It’s been a little over two months since I bought back into shares of The Gap, Inc. (NYSE:GPS), and about one month since I added to the position. In that time, the shares are up nicely, returning about 11.6% against a loss of about 1.9% for the S&P 500. This outperformance is obviously gratifying, but I need to remember that valuation matters with this stock. I sold previously just before a 24% plunge in value, and I want to review the name again to see if it’s time to take my winnings off the table, add more, or hold the position. I’ll make this determination by reviewing the latest financial results, and by looking at the valuation.
Welcome to the "thesis statement" portion of my article. It's in this section where I give you the "gist" of my thinking so you can decide whether or not to go deeper or go do something more valuable with your time. This paragraph is specifically designed for people who might want a great deal more than what they can get from titles and bullet points, but much less than the tedium they'd be exposed to by in an entire "Doyle Original." So, I'm going to take profits in The Gap today. Although I continue to believe that the dividend is well covered, and I really like the recent financial performance, the dividend yield has dropped precipitously. Given that investing is an inherently relativistic process, the notion of taking on the risk of stock ownership while being paid less than you get in a government bond makes very little sense to me. Thus, I'm taking my winnings off the table, and putting that capital to work in a risk-free investment. I'll get paid more, and sleep better.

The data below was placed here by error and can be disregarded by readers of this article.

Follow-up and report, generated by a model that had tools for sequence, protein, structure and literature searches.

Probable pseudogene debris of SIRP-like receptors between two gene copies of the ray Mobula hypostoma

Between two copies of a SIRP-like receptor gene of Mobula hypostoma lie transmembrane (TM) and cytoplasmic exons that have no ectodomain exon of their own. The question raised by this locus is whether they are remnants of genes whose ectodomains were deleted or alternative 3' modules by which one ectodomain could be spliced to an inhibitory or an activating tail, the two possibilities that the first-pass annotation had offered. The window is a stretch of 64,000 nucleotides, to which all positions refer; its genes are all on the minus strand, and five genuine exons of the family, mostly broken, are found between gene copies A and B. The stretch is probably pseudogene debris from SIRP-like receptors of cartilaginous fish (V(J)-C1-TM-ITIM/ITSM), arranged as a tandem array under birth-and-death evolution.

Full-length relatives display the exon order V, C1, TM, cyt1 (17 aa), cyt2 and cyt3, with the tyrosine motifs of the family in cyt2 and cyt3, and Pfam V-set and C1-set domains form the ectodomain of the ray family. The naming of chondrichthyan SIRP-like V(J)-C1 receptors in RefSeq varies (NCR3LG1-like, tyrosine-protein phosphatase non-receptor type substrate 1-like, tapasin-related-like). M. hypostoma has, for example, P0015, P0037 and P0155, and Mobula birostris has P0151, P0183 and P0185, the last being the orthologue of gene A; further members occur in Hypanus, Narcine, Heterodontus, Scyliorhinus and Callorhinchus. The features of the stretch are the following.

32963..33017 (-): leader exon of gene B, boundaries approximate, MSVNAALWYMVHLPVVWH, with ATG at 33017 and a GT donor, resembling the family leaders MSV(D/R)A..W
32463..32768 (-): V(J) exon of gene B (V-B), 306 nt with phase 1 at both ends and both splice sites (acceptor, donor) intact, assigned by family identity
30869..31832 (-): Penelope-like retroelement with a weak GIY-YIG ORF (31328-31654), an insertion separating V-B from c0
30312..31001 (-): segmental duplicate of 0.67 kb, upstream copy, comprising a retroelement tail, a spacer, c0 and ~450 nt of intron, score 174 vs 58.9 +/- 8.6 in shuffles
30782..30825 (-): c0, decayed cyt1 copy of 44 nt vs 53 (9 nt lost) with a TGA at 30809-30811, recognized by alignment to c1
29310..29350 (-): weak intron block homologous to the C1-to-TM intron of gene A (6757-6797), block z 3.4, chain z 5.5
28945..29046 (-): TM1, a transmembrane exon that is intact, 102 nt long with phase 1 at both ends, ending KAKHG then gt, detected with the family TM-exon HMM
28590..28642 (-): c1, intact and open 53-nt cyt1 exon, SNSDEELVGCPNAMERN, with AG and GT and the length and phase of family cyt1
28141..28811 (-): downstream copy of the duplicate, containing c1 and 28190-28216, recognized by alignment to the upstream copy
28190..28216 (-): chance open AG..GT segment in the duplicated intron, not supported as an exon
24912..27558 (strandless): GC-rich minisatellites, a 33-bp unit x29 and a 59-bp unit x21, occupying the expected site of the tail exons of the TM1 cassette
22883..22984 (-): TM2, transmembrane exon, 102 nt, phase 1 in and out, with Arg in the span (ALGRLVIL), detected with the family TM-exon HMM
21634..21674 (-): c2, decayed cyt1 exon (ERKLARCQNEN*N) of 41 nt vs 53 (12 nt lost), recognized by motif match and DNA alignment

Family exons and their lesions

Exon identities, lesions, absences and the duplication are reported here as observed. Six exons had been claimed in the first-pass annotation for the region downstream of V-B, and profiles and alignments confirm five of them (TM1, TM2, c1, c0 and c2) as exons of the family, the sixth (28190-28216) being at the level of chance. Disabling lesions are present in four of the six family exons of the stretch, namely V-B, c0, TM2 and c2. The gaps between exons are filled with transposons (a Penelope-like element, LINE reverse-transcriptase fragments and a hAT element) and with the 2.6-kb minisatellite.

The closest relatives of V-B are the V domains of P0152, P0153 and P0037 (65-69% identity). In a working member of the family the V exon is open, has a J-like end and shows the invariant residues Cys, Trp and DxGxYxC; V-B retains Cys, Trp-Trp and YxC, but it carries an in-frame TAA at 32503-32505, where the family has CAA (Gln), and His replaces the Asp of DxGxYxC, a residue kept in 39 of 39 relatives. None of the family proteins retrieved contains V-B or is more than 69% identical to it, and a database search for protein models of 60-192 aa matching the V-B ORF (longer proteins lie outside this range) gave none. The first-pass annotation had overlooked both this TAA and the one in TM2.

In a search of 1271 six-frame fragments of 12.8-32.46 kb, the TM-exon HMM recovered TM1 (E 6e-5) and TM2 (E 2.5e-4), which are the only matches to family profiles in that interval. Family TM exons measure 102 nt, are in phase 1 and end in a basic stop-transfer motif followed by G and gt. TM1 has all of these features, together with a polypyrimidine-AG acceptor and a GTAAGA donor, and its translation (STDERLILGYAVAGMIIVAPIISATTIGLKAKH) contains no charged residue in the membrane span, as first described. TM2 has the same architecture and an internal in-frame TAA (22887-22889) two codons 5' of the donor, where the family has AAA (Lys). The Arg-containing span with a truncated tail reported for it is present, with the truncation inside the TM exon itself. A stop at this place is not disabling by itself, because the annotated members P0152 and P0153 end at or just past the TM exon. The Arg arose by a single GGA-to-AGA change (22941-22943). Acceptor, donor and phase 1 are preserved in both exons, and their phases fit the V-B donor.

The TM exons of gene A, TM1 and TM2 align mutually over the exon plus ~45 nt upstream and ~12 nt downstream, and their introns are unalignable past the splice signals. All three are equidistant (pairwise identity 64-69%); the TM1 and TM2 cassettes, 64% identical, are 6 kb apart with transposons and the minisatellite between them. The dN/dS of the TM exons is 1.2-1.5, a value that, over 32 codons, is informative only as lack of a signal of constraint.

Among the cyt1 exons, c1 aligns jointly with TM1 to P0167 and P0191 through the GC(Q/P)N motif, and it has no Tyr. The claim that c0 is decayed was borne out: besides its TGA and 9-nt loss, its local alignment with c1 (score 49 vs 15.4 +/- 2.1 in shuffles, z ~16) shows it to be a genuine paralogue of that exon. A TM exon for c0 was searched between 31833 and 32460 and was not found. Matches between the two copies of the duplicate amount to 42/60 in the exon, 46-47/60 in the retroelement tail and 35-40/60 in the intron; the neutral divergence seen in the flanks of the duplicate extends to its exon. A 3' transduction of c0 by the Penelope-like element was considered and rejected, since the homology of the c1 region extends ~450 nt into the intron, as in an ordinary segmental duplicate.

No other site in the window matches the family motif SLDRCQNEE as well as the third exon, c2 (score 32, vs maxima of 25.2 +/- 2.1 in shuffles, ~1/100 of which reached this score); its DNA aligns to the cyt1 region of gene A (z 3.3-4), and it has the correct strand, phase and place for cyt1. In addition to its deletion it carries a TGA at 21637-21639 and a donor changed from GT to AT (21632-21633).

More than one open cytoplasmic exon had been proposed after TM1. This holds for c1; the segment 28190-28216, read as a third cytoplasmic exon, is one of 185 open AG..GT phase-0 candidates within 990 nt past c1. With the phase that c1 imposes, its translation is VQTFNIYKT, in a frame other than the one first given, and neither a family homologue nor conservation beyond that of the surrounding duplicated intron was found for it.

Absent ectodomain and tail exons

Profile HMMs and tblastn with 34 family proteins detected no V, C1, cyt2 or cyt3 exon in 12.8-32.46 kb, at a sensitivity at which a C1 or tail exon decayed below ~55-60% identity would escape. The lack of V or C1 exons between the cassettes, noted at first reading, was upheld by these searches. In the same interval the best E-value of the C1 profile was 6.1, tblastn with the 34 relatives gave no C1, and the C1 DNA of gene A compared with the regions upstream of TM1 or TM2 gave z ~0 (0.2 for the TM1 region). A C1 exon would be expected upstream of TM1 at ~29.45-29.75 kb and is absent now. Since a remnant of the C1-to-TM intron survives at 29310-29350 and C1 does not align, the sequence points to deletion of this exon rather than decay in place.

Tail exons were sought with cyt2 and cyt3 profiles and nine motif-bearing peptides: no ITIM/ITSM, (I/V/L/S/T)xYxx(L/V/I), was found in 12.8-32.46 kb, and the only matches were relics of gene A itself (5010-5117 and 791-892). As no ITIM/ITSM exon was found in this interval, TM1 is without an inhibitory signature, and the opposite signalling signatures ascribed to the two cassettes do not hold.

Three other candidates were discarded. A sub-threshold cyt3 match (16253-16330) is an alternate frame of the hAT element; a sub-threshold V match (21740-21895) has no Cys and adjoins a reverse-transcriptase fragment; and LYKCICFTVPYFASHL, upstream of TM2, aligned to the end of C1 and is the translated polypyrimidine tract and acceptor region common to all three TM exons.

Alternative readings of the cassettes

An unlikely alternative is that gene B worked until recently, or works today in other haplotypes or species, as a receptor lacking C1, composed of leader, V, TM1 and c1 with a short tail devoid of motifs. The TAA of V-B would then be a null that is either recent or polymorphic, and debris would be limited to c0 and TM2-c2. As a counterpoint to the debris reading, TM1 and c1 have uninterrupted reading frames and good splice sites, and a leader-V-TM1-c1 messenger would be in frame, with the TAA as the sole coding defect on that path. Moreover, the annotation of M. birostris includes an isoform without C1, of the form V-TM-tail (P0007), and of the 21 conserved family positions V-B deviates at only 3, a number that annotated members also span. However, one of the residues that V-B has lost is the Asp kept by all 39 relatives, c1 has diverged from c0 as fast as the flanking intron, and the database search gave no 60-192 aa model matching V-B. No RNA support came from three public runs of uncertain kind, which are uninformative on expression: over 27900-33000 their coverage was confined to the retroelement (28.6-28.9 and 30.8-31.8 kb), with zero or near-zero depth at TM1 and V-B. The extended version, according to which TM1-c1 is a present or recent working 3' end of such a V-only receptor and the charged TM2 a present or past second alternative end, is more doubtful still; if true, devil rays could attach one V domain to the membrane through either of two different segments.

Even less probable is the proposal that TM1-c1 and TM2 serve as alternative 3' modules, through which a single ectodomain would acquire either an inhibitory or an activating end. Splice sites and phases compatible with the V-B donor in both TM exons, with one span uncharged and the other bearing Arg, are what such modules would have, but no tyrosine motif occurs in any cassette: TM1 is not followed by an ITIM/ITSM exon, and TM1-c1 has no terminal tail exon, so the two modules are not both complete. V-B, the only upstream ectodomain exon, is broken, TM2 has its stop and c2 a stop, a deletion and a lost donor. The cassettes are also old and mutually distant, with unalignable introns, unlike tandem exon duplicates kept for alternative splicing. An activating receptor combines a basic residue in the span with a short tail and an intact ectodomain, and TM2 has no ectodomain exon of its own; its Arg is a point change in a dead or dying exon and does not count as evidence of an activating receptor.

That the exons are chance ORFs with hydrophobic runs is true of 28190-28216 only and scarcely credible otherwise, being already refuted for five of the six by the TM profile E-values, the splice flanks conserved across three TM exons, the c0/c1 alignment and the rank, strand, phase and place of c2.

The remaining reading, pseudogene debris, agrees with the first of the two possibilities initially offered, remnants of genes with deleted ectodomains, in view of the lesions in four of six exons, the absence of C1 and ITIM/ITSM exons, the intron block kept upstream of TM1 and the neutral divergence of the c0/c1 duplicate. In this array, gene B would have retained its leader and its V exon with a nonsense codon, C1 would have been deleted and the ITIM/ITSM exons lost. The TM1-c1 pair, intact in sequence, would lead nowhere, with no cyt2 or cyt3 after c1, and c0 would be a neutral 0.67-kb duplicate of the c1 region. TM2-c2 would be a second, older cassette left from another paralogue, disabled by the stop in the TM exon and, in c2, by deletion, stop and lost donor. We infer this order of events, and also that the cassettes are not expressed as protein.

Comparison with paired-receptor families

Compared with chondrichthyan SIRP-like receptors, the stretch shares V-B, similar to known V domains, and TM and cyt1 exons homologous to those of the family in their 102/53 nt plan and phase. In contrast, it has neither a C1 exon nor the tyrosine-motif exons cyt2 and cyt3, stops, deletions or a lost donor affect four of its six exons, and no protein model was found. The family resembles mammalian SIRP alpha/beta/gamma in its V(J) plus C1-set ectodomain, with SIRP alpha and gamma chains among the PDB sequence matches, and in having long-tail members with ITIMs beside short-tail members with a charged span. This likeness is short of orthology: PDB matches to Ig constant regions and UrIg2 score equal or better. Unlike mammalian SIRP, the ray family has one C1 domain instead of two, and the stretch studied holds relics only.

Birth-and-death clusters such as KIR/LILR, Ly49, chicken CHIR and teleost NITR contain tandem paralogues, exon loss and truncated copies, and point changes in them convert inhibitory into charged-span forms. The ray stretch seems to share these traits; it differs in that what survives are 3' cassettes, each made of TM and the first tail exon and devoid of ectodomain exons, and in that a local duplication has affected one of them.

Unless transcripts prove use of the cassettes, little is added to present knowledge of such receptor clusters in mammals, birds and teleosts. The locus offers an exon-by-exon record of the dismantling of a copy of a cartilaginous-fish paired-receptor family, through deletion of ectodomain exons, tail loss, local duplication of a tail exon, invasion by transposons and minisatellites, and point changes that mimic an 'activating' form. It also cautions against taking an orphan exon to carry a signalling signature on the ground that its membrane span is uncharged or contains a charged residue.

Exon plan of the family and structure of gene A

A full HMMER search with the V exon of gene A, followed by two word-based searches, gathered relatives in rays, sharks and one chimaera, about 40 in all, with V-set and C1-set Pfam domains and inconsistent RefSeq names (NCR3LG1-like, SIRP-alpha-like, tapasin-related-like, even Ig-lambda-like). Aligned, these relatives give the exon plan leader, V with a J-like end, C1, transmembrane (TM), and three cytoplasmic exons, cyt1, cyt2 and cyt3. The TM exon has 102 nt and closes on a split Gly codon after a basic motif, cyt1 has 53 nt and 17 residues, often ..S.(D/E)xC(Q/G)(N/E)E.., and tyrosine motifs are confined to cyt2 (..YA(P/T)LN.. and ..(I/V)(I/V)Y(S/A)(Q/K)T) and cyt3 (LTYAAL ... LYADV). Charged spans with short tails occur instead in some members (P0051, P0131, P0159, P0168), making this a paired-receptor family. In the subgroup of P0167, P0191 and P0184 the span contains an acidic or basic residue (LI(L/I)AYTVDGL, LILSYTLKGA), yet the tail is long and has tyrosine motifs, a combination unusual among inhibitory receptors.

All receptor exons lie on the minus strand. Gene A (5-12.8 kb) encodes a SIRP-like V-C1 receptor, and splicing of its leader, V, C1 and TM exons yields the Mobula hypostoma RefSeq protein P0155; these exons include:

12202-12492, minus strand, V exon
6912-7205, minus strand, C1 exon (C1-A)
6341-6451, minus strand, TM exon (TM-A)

In my view, the financial results have been quite good recently. Specifically, net income has swung from a loss of $211 million, to a positive $99 million for the first six months of 2023. This result came about in spite of a 7% drop in revenue from last year to this. I’m particularly impressed by the fact that the company managed to drop COGS and operating expenses by a total of $831 million, or 12.8% and 7.5% respectively. Profitability has not returned to pre-pandemic levels, and remains about $296 million lower than it was in 2019, but it is certainly heading in the right direction.
In my last article on this business, I wrote about the sustainability of the dividend, and pointed out that it is very well covered in my estimation. In case you forget the gist of that article, I had a few reasons for thinking this. First, none of the company’s debt is due until 2029. Second, the cash hoard is enormous relative to the debt. At the moment, for instance, cash and equivalents represent about 91% of long term debt. Third, the company generates sufficient cash from operations relative to cash investments in the business. All of this suggests to me that the dividend is reasonably well covered here. Finally, we can’t forget about the fact that the company has returned to profitability.
Given the above, I would be willing to add to my stake here if, to paraphrase the tagline of a famous game show, the price is right!